In the early 1990s, I lived in a pitch-black and sparsely populated patch of northwest desert near Lone Mountain. Occasionally, I’d see a green light beam washing over the mountain from sources unknown. Any explanation?
Spy planes from Nellis? Advanced military devices veering outside the Nevada Test Site? UFOs?! While all are possible, none are correct.
The 1990s were a boom time for Las Vegas. The years 1989-1993 saw five themed megaresorts spring up and catapult the Strip from Old Vegas to New Vegas. Then, as now, casino competition was fierce. Then, as now and always, resorts sought ways to bring attention to themselves. That look-at-me approach began with neon signage, moved on to erupting volcanoes, and, by the 1990s, had progressed to lasers.
In 1993, the (new) MGM Grand opened and staged a free, family-friendly indoor animatronic show featuring laser technology. Soon, lasers were found in attractions at the Forum Shops, Sam’s Town and the Luxor, where a 10-story Strip-front replica of the Sphinx shot lasers from its eyes while xenon projections layered on screens of water.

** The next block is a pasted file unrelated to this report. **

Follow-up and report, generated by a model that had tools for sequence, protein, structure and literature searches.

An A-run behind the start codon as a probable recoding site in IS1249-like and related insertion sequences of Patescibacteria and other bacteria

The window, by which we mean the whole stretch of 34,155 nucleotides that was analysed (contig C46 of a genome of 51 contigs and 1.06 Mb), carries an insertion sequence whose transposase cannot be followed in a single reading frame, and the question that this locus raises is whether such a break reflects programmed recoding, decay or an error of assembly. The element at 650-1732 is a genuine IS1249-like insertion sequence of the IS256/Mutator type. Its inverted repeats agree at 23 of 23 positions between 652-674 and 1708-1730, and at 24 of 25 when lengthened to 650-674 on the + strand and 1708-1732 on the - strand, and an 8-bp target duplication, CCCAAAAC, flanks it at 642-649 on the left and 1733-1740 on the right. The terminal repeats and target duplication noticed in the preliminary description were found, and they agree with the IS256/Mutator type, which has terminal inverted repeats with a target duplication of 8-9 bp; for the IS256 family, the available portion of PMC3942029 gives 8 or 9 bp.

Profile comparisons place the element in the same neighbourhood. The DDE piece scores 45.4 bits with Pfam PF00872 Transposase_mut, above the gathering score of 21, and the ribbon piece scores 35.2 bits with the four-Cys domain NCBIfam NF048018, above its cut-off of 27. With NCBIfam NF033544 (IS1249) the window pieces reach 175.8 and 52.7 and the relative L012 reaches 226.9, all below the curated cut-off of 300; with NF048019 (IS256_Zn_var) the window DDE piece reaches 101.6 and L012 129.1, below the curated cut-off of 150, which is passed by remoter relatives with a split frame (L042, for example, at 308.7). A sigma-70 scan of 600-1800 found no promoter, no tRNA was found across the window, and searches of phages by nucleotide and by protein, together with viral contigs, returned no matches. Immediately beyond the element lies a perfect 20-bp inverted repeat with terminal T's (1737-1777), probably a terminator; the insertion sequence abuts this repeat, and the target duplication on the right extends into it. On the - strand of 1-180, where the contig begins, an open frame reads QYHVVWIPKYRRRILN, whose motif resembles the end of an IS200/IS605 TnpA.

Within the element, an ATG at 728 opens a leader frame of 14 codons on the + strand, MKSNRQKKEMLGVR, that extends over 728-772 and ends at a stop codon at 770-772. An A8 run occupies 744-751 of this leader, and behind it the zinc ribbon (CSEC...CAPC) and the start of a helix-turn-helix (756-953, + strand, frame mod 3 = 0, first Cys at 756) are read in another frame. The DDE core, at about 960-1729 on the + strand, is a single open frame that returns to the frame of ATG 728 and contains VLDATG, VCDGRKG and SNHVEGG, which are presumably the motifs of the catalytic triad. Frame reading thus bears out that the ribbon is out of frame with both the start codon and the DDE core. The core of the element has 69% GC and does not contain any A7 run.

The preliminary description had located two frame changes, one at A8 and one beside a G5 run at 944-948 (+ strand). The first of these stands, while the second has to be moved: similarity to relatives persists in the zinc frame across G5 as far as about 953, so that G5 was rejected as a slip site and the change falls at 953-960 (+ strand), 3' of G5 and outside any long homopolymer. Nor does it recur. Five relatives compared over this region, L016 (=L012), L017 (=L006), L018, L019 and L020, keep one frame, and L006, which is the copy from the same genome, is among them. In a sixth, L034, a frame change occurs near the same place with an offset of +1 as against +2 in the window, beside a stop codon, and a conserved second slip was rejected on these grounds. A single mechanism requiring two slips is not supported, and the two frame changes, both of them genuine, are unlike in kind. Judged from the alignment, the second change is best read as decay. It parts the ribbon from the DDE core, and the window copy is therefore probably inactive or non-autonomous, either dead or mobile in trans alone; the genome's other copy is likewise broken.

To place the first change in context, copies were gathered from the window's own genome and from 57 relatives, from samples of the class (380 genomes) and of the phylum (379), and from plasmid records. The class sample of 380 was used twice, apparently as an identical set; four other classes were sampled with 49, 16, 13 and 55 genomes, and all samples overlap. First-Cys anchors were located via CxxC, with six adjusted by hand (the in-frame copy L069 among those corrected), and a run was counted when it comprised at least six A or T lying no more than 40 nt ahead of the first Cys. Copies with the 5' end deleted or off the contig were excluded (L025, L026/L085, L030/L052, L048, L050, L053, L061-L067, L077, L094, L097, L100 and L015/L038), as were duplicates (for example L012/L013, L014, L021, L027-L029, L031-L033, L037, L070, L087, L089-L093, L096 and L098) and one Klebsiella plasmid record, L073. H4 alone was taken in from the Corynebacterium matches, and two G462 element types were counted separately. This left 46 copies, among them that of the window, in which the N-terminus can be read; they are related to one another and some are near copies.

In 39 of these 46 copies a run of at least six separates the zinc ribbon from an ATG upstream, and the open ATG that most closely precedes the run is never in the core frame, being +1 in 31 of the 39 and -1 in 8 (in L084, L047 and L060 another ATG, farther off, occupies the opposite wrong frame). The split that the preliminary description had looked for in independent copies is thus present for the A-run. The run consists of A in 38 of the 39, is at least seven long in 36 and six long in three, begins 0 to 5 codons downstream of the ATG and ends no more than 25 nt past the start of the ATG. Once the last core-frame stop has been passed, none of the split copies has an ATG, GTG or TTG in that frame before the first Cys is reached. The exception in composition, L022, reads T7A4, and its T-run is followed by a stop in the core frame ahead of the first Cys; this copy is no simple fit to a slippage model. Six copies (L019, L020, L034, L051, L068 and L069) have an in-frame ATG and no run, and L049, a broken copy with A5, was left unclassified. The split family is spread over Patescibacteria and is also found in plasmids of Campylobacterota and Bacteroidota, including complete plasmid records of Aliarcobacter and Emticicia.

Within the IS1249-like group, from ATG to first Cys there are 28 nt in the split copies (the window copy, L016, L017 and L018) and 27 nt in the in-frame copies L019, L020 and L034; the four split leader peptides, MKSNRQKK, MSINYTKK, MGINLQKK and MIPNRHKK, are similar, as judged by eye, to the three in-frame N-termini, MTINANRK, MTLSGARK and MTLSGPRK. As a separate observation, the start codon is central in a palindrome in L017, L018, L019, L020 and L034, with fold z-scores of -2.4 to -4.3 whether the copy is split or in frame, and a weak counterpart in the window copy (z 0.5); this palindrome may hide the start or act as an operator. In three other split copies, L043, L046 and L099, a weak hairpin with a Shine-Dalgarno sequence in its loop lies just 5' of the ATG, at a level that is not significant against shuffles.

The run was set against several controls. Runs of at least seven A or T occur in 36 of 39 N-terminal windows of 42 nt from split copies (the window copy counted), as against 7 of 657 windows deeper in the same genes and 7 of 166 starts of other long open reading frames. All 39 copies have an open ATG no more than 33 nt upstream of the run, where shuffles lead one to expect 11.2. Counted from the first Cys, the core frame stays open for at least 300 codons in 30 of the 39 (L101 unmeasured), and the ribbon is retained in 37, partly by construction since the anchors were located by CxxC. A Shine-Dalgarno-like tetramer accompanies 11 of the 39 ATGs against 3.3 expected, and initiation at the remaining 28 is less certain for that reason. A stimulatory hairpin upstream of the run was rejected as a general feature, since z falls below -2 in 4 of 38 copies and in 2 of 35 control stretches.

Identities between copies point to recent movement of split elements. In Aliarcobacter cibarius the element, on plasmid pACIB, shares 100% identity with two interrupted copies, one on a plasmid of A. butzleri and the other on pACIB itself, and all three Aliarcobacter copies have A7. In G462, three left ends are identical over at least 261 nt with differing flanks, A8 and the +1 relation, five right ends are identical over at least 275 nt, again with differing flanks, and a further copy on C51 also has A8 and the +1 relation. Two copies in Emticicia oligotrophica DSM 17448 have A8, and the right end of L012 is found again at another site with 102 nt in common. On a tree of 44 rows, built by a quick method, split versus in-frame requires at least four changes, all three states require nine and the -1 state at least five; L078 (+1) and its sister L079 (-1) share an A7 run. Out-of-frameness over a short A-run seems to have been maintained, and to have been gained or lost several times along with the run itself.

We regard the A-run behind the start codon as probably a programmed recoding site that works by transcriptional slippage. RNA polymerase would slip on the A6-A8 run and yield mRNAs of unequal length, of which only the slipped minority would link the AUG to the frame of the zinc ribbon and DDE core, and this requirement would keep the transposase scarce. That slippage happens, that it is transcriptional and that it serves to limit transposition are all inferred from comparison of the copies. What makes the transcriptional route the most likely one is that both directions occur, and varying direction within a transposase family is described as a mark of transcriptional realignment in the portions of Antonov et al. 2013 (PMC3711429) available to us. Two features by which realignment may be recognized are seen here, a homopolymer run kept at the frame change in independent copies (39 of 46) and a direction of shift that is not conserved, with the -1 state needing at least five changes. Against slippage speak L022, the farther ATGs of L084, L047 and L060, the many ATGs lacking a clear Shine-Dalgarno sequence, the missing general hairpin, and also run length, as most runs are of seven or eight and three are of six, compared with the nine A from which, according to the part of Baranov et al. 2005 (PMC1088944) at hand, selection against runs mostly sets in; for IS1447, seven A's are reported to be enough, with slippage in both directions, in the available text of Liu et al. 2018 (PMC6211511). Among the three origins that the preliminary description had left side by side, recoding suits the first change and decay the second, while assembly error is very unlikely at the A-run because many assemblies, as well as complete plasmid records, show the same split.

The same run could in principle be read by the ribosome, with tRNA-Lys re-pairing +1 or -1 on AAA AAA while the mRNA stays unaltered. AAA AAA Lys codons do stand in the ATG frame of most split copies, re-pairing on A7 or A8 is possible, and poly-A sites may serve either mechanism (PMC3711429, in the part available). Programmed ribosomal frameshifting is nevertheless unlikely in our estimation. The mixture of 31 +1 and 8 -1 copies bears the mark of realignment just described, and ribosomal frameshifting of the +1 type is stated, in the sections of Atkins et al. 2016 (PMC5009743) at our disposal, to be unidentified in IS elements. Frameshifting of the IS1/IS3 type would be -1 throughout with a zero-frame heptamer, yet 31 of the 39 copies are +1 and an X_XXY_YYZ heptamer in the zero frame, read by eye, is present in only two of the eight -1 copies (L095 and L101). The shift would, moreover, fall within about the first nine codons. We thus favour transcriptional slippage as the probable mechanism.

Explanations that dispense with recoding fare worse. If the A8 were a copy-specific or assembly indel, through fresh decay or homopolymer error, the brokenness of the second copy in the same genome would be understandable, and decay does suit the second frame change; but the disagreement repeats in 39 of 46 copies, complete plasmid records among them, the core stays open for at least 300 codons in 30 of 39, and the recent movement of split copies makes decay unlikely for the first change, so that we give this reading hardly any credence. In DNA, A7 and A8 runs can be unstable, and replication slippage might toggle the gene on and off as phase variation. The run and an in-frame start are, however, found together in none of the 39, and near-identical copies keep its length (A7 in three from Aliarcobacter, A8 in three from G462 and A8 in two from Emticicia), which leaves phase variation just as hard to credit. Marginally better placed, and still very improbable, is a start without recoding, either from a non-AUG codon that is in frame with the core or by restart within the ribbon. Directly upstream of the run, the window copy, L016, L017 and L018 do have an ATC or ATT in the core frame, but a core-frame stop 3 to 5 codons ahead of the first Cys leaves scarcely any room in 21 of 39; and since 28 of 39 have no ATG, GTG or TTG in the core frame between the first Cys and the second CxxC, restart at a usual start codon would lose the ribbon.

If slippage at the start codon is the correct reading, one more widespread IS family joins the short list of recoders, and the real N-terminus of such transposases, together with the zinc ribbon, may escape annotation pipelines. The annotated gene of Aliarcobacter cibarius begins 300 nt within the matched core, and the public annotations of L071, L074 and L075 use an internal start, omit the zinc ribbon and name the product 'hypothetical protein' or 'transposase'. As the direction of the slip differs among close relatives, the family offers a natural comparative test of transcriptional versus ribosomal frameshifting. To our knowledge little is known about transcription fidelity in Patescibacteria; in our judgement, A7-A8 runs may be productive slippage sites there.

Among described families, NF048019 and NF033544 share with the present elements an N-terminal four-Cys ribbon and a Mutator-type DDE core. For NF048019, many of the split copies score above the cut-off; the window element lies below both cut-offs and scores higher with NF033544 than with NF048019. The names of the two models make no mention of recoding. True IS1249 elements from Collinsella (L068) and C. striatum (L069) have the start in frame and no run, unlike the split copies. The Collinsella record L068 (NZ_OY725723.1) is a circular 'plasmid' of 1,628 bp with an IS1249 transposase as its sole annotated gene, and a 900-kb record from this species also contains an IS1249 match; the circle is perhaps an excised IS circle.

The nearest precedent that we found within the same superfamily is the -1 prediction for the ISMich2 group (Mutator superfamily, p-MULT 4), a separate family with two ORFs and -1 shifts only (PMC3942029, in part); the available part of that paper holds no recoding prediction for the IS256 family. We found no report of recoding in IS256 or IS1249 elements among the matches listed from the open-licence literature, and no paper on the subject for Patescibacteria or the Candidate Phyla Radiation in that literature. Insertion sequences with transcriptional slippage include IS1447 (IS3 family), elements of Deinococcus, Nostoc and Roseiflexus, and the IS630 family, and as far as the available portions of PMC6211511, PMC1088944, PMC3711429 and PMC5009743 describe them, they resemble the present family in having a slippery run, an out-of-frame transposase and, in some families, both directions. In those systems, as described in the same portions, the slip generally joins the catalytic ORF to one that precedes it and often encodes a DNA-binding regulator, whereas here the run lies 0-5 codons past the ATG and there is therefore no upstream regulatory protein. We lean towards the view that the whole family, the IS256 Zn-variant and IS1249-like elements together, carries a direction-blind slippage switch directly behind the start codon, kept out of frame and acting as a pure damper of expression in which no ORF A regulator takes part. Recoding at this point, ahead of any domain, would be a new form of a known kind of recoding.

Even Bob Stupak, a larger-than-life Vegas character if ever there was one, dreamed of lasers beaming in all directions from the top of his future Stratosphere Tower (1996). While that never materialized, something similar did: Both the Rio and the Las Vegas Hilton used powerful lasers to project nearly horizontal beams across the Las Vegas Valley. The Hilton’s origin point was its huge, mid-century modern pylon sign, and was touted as the world’s most powerful public laser display by its creator, Laser Fantasy International. While the Hilton laser did offer a sort of pulsing “show,” it was during its rest mode when it projected low-lying static beams in four directions around the Valley. One of those directions was (drum roll!) Lone Mountain.
The otherworldly beams in the desert were not to last. Multiple pilot complaints led the FAA to issue a 1995 halt order for all outdoor casino laser displays. And as lasers have become ridiculously affordable (see: annoying kids with laser pointers at theaters), the FAA continues to struggle with their impact on flight safety. Just this week, complaints about home-use holiday display lasers are giving the FAA headaches. But for a brief moment in the go-go í90s, the skyline was punctuated by curious beams of green lightónot the vapor trails of little green men, but simply a reaching for the same green for which Las Vegas is always hungry.